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oxwichchurch_clip_image001The medieval church of St. Illtyd must possess one of the most beautifully situated graveyards in the country. Itself almost buried by the giant canopy of a dense and steeply inclined wood, the church appears to stand aloof from the village and the sandy bay it overlooks, despite being separated by only a few moments walk.

At the height of the summer season, when the sun is roasting all who bathe beneath its unblinkered stare, it is a most disquieting experience to stumble from the bustling sands and head for the chill and shaded solitude of the church grounds. The clammy, twilight atmosphere that clings to this churchyard transports its visitors to a ghostly other-world, a feeling that is undisturbed, perhaps even amplified, by the contrasting sound of the sun-worshipping tourists that flock but a stone's throw from its ivy clad walls.

Given such a picturesque and genuinely eerie setting, it is not surprising that one of the strangest ghosts of curious supernatural beasts on the peninsula has chosen to manifest itself here. This horse-like creature creature, seen striding down through the woodland graves towards the foreshore on its hind legs, is a being more readily identified amongst ancient Germanic folklore than in any other closer to home. The church's spring well, which has now run dry, is also reputed to be haunted - by a ghostly horse that drinks from its water before running into the sea and disappearing!

Within the Church itself, which is unfortunately kept locked for most of the year, are some very interesting items of note. The font, for example, is believed to have been brought to the church by St. Illtyd himself! Looking up, and the beautiful ceiling decorations in the chancel area of the church were paid for by Dame Lilian Bayliss, a director of England's Old Vic theatre, who fell in love with the church whilst holidaying in the area. Whilst in the chancel, the stone effigies of a knight and his lady - believed locally to represent the heads of the Norman De la Mare family, who lived in Oxwich Castle and who drowned in the waters of Oxwich Bay in the 14th Century. The effigies have been nicknamed by villages as the "Dolly Mare."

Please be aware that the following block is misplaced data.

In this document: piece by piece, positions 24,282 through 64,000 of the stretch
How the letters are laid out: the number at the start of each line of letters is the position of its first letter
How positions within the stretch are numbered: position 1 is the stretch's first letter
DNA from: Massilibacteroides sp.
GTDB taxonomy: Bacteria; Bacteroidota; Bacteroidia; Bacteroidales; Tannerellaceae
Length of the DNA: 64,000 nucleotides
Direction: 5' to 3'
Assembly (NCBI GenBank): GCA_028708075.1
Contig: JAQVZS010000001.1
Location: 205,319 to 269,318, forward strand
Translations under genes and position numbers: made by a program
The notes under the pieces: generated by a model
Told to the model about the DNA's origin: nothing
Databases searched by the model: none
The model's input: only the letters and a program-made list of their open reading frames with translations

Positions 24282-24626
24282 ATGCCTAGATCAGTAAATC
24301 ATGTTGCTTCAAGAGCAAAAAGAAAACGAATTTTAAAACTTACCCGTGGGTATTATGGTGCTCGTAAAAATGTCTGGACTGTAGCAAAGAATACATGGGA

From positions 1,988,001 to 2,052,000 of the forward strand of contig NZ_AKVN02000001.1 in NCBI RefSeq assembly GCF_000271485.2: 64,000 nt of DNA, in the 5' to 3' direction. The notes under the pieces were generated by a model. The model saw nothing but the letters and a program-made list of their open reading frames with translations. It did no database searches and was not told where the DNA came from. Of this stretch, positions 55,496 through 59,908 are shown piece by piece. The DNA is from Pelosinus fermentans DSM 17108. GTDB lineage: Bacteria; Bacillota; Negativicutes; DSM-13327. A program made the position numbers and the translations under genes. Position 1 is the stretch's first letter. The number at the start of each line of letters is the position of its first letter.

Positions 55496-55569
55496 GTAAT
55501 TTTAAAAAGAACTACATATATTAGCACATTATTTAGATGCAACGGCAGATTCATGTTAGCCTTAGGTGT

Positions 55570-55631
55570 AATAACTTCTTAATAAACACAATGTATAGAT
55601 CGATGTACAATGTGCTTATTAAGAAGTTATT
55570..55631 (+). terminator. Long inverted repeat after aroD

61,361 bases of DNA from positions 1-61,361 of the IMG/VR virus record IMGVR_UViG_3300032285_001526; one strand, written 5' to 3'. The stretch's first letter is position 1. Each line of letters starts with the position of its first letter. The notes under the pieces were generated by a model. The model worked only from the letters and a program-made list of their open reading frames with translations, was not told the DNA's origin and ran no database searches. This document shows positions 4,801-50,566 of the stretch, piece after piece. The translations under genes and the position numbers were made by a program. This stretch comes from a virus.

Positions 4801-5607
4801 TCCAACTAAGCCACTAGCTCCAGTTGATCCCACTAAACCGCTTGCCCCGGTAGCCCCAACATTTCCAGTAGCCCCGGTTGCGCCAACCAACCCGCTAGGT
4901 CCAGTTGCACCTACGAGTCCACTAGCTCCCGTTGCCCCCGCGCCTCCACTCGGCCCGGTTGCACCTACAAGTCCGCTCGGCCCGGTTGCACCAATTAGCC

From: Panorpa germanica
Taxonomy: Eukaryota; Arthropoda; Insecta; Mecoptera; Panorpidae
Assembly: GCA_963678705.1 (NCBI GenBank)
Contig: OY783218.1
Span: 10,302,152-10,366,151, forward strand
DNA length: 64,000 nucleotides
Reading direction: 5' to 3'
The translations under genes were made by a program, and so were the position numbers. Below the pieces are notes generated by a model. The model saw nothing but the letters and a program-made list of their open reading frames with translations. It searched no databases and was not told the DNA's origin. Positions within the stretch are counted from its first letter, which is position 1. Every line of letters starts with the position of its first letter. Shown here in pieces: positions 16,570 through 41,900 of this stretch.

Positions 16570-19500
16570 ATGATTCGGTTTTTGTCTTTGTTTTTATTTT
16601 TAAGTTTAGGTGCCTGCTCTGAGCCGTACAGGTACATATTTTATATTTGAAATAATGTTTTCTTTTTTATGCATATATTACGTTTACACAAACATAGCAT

Despite local belief, however, more recent suggestions have dated the effigies to the early 15th Century, suggesting that they are arepresentation of the Castles later occupants - probably Sir John Penres and his wife, Margaret Fleming. The figures are not, as might be first suspected, sculpted from solid rock but have, instead, been constructed of sand particles which have been cemented together with plaster and coated with a plaster coat.

The Rev. J. D. Davies, local historian, author and rector of several Gower Churches in his day, was born in the old Rectory here, which was situated on the rocks sandwiched between Oxwich Church and the sea. This has now, unfortunately, been completely obliterated by the encroaching tide.

On a final, salutary note, at the rear of the churchyard stands the grave of an unknown soldier whose body was washed ashore upon the neighbouring beach during World War I. Given its anachronistic setting, such a monument provides a perfect moment to reflect upon and honour all those who gave their lives defending their country during those awful and bloody years of conflict.